California is currently home to 1.9 million veterans. Sixty-three percent of those veterans are 55 years old and older. With Americans now living longer, there has been a dramatic rise in the demand for elder health care and other services. Veterans’ benefits, available through the U.S. Department of Veterans Affairs (USDVA) and the California Department of Veterans Affairs (CalVet), can help veterans of any age but may be especially important to those nearing or in retirement.
For older individuals, veterans’ benefits could mean the difference between a secure retirement and having to watch every dollar spent. Benefits could also mean the difference between quality health care, including free eyeglasses and hearing aids, and undiagnosed and untreated health problems. Unfortunately, only about 15% of eligible California veterans are taking advantage of their compensation and pension benefits and less than 40% are using their health care benefits.
Mike Pagan was just 20 years old when he enlisted. He spent four years in the Navy and two in the Reserves. He was deployed and assigned to a carrier group that operated in the South China Sea. Mike was involved with storage of ammunition, security of magazines. He also worked on replenishment of supplies, which involved dismantling great loads of materials and bombs. After retraining in special operations was deployed on a small class ship and operated off the coast of Vietnam, north and south of Da Nang, as troop support and rescue.
While working on the ship one day, Mike was hit on the side of the head by a heavy piece of metal packing material tossed by one of his shipmates. “My head hurt for a few days,” said Mike, “but I didn’t give it much more thought after that.” Now, at the age of 63, Mike suffers from repeated ear infections and a loss of hearing. He wonders whether his health issues are related to the injury he sustained on the carrier that day and wishes he had applied for his health benefits with he got out of the service.
Many older veterans are beginning to feel the effects of injuries sustained during military service decades ago or are finding their symptoms have gotten worse with age. Some Vietnam veterans, whose average age is now between 60 and 65, are being diagnosed with ailments associated with their exposure to Agent Orange—the toxic herbicide used to defoliate the jungle between 1962 and 1971. The USDVA now presumes that 14 diseases and disorders found in “boots-on-the-ground” veterans and certain other Vietnam veteran groups are the result of Agent Orange exposure.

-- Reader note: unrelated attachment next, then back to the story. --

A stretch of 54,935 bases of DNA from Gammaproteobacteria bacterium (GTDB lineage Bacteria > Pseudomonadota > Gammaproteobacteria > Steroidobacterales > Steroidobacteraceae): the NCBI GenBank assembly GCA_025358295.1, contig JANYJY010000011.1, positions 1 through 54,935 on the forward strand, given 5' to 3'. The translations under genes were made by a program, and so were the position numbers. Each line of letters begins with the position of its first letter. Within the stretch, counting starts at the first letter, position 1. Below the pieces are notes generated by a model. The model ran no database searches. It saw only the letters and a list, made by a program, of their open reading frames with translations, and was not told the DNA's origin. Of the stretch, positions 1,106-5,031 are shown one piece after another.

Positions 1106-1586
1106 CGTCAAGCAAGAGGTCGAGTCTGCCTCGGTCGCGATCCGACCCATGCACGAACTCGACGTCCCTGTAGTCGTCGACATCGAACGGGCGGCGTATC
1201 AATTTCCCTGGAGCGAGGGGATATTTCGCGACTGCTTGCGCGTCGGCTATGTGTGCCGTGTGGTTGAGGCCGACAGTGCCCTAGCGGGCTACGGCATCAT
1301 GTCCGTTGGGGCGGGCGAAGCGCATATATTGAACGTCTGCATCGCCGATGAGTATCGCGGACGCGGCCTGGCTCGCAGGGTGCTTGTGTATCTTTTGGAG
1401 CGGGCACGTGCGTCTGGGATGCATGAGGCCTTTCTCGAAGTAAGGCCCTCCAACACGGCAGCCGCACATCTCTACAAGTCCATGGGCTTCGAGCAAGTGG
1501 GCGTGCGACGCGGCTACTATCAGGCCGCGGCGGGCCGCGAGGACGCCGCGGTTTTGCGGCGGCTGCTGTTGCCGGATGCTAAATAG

“It would be easy for a doctor to overlook Agent Orange exposure as the cause of a patient’s Type 2 diabetes when genetic and lifestyle risk factors are present. The post traumatic stress disorder at the root of a veteran’s chronic depression could also be missed,” said CalVet Secretary Peter Gravett. “That’s why it’s so important for veterans of every era to make doctors aware of their military history when being evaluated, diagnosed, and treated,” he said. Confusion is one of the reasons veterans don’t file for their benefits. What benefits are available? Is there an application time limit? Does a disability have to be combat-related to quality for benefits? Can a disability rating be upgraded or a disability rating denial be appealed? What benefits are available to veteran family members?
These and other benefit questions can be answered by CalVet or by the veteran’s County Veteran Service Office. Both organizations can also help veterans complete and submit the often confusing and frustrating benefit applications.
Mike recently contacted CalVet. The department is now helping him determine the veteran health and disability benefits he may be entitled to, including free hearing aids. When asked whether he had any advice for veterans now coming home, Mike said, “Yeah, talk to someone about your benefits and take advantage of them as soon as you can.”
For answers to benefits or other veteran-related questions, visit the CalVet web site at www.calvet.ca.gov or call 877-741-8532. For the location of the nearest CVSO, visit www.cacvso.org, click on “Contact Us,” and then click on the veteran’s county of residence.